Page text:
Learning From Our Ancestor’s Struggles

Learning From Our Ancestor’s Struggles

Nov 22, 2002 By Melissa Crespy | Commentary | Vayetzei

I cannot read Parashat Va-Yetze dispassionately. The struggle between two sisters for the love of the same man, the back and forth attempt to win his affections by bearing more and more children, and the visible jealousy and pain that each one of them experiences, leaves me feeling angry every time I read the story. Particularly galling is Jacob’s reaction to Rachel—the wife whom he loves deeply—when she cannot become pregnant. She has seen her sister Leah bear Jacob three sons (presumably within three years), and can no longer take the pain of being the barren wife. “Give me children, or I shall die” she says to Jacob (Genesis 30:1). And the Torah records his response: “Jacob was incensed at Rachel, and said, “Can I take the place of God (‘hatahat elohim anokhi‘), who has denied you fruit of the womb?”

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The Evolution of Judaism’s Moral Conscience

The Evolution of Judaism’s Moral Conscience

Nov 20, 2004 By Ismar Schorsch | Commentary | Vayetzei

Why does Jacob abandon the security of his parents home in Beer-sheba?

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Rachel the Victim, Rachel the Hero

Rachel the Victim, Rachel the Hero

Dec 6, 2003 By Ismar Schorsch | Commentary | Vayetzei

In this week’s parashah Jacob gets his just desserts. He meets his master in the art of deception. As Jacob had denied his brother Esau the blessing to which his birthright entitled him, so, too, he is now denied the hand of Rachel, the younger daughter of Laban his uncle, with whom he is madly in love and for whom he has worked seven hard years. The counterpoint is exquisite. By substituting Leah for Rachel on Rachel’s wedding night, Laban exacts divine retribution at a moment of peak anticipation in a way that is no less intense than what Jacob did to Esau Along the way, Laban demonstratively reaffirms the sanctity of primogeniture.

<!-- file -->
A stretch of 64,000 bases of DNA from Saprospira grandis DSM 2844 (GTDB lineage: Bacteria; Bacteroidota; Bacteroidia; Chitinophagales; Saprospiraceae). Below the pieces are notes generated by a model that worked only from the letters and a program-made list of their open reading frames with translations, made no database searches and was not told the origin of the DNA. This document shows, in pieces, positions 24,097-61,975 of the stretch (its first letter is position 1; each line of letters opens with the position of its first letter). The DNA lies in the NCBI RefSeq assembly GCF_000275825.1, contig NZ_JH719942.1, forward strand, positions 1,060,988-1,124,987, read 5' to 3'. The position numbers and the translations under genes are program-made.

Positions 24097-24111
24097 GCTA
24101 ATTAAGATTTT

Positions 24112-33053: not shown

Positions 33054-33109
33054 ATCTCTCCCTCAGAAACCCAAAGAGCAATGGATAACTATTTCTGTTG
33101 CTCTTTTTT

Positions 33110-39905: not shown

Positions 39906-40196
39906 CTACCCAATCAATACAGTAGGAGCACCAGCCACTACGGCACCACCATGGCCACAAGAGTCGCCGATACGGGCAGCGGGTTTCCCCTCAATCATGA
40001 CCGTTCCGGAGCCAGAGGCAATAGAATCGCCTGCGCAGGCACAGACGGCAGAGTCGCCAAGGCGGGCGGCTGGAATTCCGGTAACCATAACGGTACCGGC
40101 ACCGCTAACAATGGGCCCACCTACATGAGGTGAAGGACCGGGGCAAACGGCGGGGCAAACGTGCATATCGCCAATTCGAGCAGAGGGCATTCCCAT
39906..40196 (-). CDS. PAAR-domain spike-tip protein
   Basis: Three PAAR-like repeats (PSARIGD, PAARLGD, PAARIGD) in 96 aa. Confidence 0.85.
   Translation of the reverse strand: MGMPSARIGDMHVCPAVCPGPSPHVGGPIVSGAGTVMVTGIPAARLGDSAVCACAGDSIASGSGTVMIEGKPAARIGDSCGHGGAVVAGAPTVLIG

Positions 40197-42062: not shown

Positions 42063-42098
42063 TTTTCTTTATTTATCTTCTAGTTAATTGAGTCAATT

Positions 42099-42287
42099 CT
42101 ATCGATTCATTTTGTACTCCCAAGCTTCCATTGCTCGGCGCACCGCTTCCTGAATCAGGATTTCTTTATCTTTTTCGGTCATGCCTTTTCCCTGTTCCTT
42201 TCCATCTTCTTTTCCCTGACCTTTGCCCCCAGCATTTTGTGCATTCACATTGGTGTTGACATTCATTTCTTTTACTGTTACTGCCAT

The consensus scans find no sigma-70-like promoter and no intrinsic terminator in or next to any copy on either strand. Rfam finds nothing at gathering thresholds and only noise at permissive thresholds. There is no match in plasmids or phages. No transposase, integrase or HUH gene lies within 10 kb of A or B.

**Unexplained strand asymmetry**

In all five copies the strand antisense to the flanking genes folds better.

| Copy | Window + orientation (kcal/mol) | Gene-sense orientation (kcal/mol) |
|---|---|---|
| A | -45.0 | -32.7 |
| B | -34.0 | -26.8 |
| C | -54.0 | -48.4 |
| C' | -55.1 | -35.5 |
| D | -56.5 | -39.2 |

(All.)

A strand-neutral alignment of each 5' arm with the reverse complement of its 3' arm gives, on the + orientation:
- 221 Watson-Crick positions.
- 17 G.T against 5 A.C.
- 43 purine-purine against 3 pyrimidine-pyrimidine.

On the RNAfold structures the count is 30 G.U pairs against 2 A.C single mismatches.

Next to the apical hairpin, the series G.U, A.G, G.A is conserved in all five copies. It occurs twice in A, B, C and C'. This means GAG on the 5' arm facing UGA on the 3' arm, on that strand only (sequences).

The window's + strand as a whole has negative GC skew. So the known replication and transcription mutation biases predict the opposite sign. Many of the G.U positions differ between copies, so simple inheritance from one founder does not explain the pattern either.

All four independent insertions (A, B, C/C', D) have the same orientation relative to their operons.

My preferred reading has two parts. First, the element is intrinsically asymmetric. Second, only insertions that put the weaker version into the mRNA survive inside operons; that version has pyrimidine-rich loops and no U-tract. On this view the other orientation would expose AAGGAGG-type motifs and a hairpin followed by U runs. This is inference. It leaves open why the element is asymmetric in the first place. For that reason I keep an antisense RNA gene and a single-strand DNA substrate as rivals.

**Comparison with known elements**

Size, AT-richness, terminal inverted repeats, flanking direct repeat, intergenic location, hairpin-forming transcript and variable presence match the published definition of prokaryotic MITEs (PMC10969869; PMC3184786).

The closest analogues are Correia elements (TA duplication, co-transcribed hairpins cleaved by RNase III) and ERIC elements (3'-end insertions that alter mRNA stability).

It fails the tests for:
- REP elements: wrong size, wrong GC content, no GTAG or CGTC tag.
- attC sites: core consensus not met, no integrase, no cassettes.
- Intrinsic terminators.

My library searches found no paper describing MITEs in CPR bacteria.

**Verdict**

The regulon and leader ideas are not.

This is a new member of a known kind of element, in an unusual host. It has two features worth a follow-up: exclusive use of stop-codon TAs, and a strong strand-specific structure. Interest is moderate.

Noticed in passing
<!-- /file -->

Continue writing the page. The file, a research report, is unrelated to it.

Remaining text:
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Our Hidden Needs

Our Hidden Needs

Dec 9, 2005 By JTS Alumni | Commentary | Vayetzei

By Rabbi Aaron Brusso

As human beings we are often hidden from each other. Our innermost thoughts, feelings, and motivations are known only to ourselves and to those we choose to let in. A groom places the veil over the bride’s face during the bedeken ceremony and the couple thereby communally declares that they will know each other behind the veils in ways impenetrable to others. What is shared in love with one is hidden from another because of this love.

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Learning From a Dream

Learning From a Dream

Dec 5, 2008 By Burton L. Visotzky | Commentary | Vayetzei

This week’s Torah reading, Parashat Va-yetzei, begins with Jacob’s famous dream, in which he sees a ladder stretching all the way up to the very heavens. The dream ends with God’s promise to him that “the ground that you are lying upon I will give to you and your offspring. Your seed shall be as numerous as the dust of the earth, you shall spread out to the west, east, to the north and south . . . “

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Doing the Impossible

Doing the Impossible

Dec 2, 2006 By David Hoffman | Commentary | Vayetzei

This parashah challenges us to do the impossible. Let me explain.

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Transforming Jealousy

Transforming Jealousy

Nov 10, 2010 By Abigail Treu | Commentary | Text Study | Vayetzei

Be it parenthood or a good job or the latest [fill-in-the-blank-of-your-heart’s desire], it is difficult, in our material culture, not to want what others have. We know we shouldn’t covet—that’s one of the Ten Commandments, after all—but we can’t control the way we feel.

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Honoring Teachers

Honoring Teachers

Nov 26, 2011 By David Levy | Commentary | Text Study | Vayetzei

Picking up on the surprising mention of Abraham as Jacob’s father, we learn an important lesson about the roles different people can play in our lives. Each of us who has been taught by someone is obliged to honor him/her as we would our parents. And the extension of this teaching is that each of us has the potential to play this important role in someone else’s life.

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